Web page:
The following month saw an even more significant literary event: the first number of The Posthumous Papers of the Pickwick Club was offered to the public. Instead of being first serialized or released in its entirety, the work came out in individual numbers that were sold separately from March 1836 to November 1837. Only 400 copies were printed of the first installment, and the initial reception was inauspicious. But later sales rose spectacularly and printings reached 40,000.
The success of the Sketches by Boz had sharpened Dickens's confidence in the future and sufficiently improved his income to allow him to consider marriage. On April 2, 1836, two days after the first of the Pickwick Papers went on sale, Dickens and Catherine Hogarth were married. The bride was the oldest daughter of George Hogarth, the editor of the Evening Chronicle, an affiliate of the newspaper for which Dickens wrote. The couple had ten children, but after twenty-two years the marriage ended in dissension and separation.
When the success of the Pickwick Papers was assured, the star reporter resigned from the Morning Chronicle, but within a few months he became editor of a new periodical, Bentley's Miscellany. The February 1837 issue began the serialization of Oliver Twist, or, the Parish Boy's Progress by Boz, even though the busy editor was still at work on the Pickwick Papers. Before Oliver Twist had all appeared, several numbers of Dickens's next novel, Nicholas Nickleby (1838-39), had been printed. Oliver Twist was completed in September 1838 and was issued in book form before the end of the year, although serial publication ran until March 1839.
Dickens gave up the editorship of Bentley's Miscellany after two years, but his astounding literary productivity went on with few intermissions until the day of his death. His many books followed one another at regular intervals: The Old Curiosity Shop (1840-41), Barnaby Rudge (1841), American Notes (1842), Martin Chuzzlewit (1843-44), Dombey and Son (1846-48), David Copperfield (1849-50), Bleak House (1852-53), Hard Times (1854), Little Dorrit (1855-57), A Tale of Two Cities (1859), Great Expectations (1860-61), Our Mutual Friend (1864-65), and The Mystery of Edwin Drood (1870 — unfinished).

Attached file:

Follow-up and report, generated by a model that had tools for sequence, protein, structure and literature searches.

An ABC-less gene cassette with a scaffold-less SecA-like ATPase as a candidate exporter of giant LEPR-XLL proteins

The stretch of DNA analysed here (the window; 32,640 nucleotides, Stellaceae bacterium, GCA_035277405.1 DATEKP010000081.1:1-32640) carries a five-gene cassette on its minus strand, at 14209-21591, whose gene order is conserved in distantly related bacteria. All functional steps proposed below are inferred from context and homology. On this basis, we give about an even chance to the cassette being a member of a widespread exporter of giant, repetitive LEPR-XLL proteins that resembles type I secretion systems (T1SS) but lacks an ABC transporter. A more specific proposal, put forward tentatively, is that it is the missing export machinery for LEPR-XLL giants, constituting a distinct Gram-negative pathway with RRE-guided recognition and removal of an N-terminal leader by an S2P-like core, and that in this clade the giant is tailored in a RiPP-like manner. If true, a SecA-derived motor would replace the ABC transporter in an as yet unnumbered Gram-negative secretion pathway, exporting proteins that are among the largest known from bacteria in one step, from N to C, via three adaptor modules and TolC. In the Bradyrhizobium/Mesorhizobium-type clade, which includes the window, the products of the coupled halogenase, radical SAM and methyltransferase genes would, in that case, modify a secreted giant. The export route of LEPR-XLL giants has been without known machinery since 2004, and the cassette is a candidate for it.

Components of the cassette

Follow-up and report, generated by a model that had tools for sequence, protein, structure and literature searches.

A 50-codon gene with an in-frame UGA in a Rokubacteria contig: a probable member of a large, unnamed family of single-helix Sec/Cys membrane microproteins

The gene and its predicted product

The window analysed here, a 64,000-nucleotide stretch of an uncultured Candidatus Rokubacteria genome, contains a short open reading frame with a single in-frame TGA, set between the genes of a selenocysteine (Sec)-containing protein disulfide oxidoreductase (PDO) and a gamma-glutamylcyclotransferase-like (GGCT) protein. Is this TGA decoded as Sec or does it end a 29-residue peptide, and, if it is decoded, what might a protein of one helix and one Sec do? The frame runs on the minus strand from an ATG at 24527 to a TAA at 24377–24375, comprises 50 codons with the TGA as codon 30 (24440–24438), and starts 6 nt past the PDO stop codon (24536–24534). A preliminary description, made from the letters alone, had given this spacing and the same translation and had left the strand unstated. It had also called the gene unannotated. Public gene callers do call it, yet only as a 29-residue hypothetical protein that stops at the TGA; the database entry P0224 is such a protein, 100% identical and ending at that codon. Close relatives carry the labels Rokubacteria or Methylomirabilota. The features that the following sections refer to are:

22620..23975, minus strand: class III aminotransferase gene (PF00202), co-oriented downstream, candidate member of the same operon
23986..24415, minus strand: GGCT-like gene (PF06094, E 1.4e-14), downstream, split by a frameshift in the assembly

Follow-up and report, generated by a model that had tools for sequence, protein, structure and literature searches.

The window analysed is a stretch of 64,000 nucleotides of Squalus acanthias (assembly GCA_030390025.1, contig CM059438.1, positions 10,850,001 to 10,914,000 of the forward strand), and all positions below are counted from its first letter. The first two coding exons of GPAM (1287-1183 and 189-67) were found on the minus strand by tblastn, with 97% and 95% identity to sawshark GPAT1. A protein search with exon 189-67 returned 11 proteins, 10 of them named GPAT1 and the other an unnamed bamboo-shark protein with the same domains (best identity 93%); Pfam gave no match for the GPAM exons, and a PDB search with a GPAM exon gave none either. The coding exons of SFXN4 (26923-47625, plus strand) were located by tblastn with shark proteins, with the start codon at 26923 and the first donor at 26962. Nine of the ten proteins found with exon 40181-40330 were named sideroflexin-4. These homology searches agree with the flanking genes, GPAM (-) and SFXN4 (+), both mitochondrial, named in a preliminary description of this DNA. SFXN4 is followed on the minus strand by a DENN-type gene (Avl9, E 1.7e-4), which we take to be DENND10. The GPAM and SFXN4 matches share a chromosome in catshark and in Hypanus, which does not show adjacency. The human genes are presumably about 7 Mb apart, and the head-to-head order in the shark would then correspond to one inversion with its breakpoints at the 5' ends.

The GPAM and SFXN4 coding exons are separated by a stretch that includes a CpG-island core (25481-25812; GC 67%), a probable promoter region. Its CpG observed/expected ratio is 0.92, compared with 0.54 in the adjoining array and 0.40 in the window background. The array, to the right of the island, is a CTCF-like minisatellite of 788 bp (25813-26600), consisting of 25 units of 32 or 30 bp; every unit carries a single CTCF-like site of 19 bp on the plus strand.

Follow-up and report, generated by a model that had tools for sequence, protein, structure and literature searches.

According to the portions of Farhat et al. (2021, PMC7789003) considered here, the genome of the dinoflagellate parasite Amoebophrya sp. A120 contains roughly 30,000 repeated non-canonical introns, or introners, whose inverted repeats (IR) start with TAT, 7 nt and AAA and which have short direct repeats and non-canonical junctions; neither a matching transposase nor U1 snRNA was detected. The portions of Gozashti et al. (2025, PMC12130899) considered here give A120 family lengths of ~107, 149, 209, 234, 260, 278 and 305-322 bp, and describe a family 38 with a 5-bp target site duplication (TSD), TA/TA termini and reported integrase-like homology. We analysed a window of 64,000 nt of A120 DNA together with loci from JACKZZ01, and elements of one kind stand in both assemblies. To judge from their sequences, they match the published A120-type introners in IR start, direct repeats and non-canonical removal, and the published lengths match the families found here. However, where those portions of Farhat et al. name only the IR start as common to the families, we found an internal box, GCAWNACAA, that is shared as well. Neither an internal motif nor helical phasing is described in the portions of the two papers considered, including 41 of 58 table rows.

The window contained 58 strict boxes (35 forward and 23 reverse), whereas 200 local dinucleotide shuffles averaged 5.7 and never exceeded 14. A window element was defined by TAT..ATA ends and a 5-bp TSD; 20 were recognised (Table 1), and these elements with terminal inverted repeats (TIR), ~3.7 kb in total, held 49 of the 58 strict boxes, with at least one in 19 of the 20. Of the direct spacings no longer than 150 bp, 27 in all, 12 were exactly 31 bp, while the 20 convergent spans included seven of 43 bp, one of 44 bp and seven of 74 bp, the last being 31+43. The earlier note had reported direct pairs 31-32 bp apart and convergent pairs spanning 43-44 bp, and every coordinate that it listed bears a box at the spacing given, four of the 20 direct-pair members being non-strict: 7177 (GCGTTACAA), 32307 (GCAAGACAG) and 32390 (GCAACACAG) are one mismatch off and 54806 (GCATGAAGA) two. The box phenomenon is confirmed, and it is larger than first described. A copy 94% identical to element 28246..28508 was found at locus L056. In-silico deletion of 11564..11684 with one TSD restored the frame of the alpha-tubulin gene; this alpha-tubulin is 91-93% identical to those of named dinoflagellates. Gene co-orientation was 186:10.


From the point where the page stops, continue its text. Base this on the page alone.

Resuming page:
Besides his output of books, Dickens's other literary pursuits were impressive. Among his best-known short stories are A Christmas Carol and The Cricket on the Hearth. He wrote miscellaneous sketches, travel accounts, articles, and dramatic pieces. In 1850, he assumed the editorship of Household Words, and from 1859 until the end of his life, he edited the successor of that periodical, All the Year Round.
Dickens's non-literary activity alone would have taxed the stamina of an ordinary person. He had a boundless zest for life; everything that he did was undertaken with energy and speed. He enjoyed an active social life and was a prolific letter writer. Many relatives and his own numerous family commanded much of his attention — and material assistance. Some of his time was taken by his interest in organized charity. His travels took him to the continent and twice to America. There were several changes of residence, including sojourns in Italy, Switzerland, and France. In spite of all this, Dickens managed to keep up a strenuous exercise program, including horseback riding and brisk walks of up to twelve or fourteen miles.
While still a child, Dickens developed an enduring attachment for the theater. At one time in his youth, Dickens made an attempt to become a professional actor. As an adult, he delighted in arranging amateur performances, at various times writing plays, managing productions, or acting.
His dramatic interests later found expression in the famous readings from his own works. These started with a benefit in 1853, and professional appearances began in 1858. Dickens's second trip to America in 1867-68 was a reading tour that proved to be highly profitable. He threw himself into the oral interpretation of his works, sparing neither himself nor his audiences. After presenting the murder of Nancy from Oliver Twist, Dickens commonly had to leave the stage for a rest before proceeding. The swooning of females in the audience was a regular feature of these occasions.
Beginning with his early successes, Dickens's literary career was an unbroken triumphal procession. His popularity grew enormously and everywhere he came to be regarded with almost reverence. His cosmopolitan reading public grew to epic numbers , and every addition to his writing was awaited with wild expectation. Dickens was universally beloved as probably no other living writer has ever been.
On June 8, 1870, Charles Dickens, working on the manuscript of his last book, The Mystery of Edwin Drood, wrote longer than was his usual practice. At dinner time he collapsed and sank into a coma; he died in the evening of the following day. The news of Dickens's death was carried on a shock wave of grief to remote regions of the earth. As his body was interred in Westminster Abbey, the whole world mourned.